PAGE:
Every day after I played with Tatanui and focused on my intention, I got some return, either new registrants, or checks in the mail. Focused intention brings results! The work doesn't stop when the doll is made - it doesn't stop until you reach your goal.

We are very near that goal - only 4 spots left. This doll was created using 5 basic stitches, all of which you can learn in this workshop. Now is your moment of power to sign up!


I just googled "January is the cruelest month." Turns out to be a misquote of "April is the cruelest month," from T.S. Eliot's Waste Land, but Google had 283,000 references, so some other people have thought it was January.

It felt cruel. Dr. Sherman Merle, the father of one of my dearest friends, passed away and was buried with military attention. His granddaughter Sarah, a rabbinical student from New York, presided over the service and it was beautiful and comforting. The loud chirping and song of birds interrupted the prayers and testimonials, which was appropriate since his nickname and handle were "blackbird".  I'd never attended a full-on graveside funeral and hope to never do so again. It was weird and hard, even though his passing was a blessing on many levels. He was 90.

The day of the funeral, one of my best friends of 35 years, John Foppes, AKA Foopes, was in the hospital and hung there in a coma for several days, 1 foot in each world, before waking up and then lapsing into complete liver failure and passing away. He was 60 and one of the most loving people I've ever known.

Foopes and his son Nathan

Another close friend is divorcing her husband and experiencing that loss. The end of a marriage is often the end of a way of life in a beautiful place and that is a loss in itself. On some level, I've been grieving that loss, too - of my own first marriage and our family, friends, and dreams together in that magical place in the woods.

Grief is insidious sometimes. There are the hard constantly tearful days, weeping and more weeping, ending up at night unable to sleep because your head is pounding and your heart hurts. Those gradually pass, and then come the days when you think you're more or less done grieving for now and a song or a poem or even a happy memory suddenly starts the tears afresh. Or you have to tell someone, and that makes it more immediate again. Sometimes I feel disloyal for being alive, enjoying myself, laughing. This is all normal. Anything we feel or experience is normal.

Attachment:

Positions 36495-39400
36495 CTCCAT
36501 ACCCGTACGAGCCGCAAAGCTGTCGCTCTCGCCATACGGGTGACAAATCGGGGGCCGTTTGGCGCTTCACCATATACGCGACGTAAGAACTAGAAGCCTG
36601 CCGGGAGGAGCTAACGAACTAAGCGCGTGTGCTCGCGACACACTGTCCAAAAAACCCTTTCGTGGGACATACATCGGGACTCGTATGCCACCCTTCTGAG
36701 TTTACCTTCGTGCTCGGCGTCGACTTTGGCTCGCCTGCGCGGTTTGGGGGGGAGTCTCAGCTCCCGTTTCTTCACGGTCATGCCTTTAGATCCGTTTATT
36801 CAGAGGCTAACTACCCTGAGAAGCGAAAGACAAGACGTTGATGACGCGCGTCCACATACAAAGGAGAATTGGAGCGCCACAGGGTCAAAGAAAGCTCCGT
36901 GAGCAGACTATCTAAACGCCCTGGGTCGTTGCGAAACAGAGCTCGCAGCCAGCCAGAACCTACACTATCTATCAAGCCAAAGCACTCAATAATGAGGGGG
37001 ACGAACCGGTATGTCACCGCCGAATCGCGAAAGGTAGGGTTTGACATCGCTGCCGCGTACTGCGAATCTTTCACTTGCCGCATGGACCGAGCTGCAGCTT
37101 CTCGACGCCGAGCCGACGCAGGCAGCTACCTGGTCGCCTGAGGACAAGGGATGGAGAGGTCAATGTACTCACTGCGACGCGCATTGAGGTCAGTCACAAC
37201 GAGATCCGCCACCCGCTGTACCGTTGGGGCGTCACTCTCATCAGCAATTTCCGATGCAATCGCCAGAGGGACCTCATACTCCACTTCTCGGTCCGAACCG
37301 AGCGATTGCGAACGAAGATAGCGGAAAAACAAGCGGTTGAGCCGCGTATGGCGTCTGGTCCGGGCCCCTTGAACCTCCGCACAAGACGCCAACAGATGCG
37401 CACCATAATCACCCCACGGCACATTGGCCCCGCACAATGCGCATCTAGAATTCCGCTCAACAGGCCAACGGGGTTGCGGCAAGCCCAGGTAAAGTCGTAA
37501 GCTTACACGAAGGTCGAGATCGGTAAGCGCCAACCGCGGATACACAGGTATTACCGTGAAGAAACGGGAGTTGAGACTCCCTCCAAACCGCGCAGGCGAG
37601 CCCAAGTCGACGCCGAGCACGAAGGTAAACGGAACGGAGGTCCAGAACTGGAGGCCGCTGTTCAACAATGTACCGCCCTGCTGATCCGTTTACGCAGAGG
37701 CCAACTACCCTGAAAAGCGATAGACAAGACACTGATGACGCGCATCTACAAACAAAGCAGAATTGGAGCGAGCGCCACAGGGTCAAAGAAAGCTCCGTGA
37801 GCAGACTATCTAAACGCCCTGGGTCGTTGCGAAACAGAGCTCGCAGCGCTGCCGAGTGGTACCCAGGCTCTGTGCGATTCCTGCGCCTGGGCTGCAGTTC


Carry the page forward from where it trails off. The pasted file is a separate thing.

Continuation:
A prayer net for Foopes - this is what I do when I don't know what to do. I bead and I pray. I pray and I bead.
New losses bring up old losses to be reviewed and healed, if necessary. Some people believe that grief has a basis in anger at the person we've lost. I don't feel angry now, but sometimes new loss brings up old anger, and that is illuminating.

Foopes and Rhiannon, back in the day
 All these things made it difficult to work, dream, plan. A couple of times I thought I'd give up the dream. "OK, it's not working, it's not going to, why waste energy on it, waaaaaa, etc etc". REALLY? Doc Matt put it clearly: "Your friend is sad because she's going through some big changes, and you are depressed because your best friend died. It has nothing to do with this dream. Give it a chance, don't give up."

After a while, I get bored with the tears, the focus on what I've lost, it's limiting and it's tiresome and it makes me sick. It's not good for my eyes to cry this much. I have to turn to appreciating all the things I HAVE, because grace is boundless and they are many. The world doesn't stop being a beautiful place just because we've been focused inward. It is still there, waiting to help us heal.

I decided to make a doll that would focus my thoughts and energy on what I wanted to manifest - a fabulous improvisational bead embroidery workshop with the right number of participants.

Voila! Tatanui.....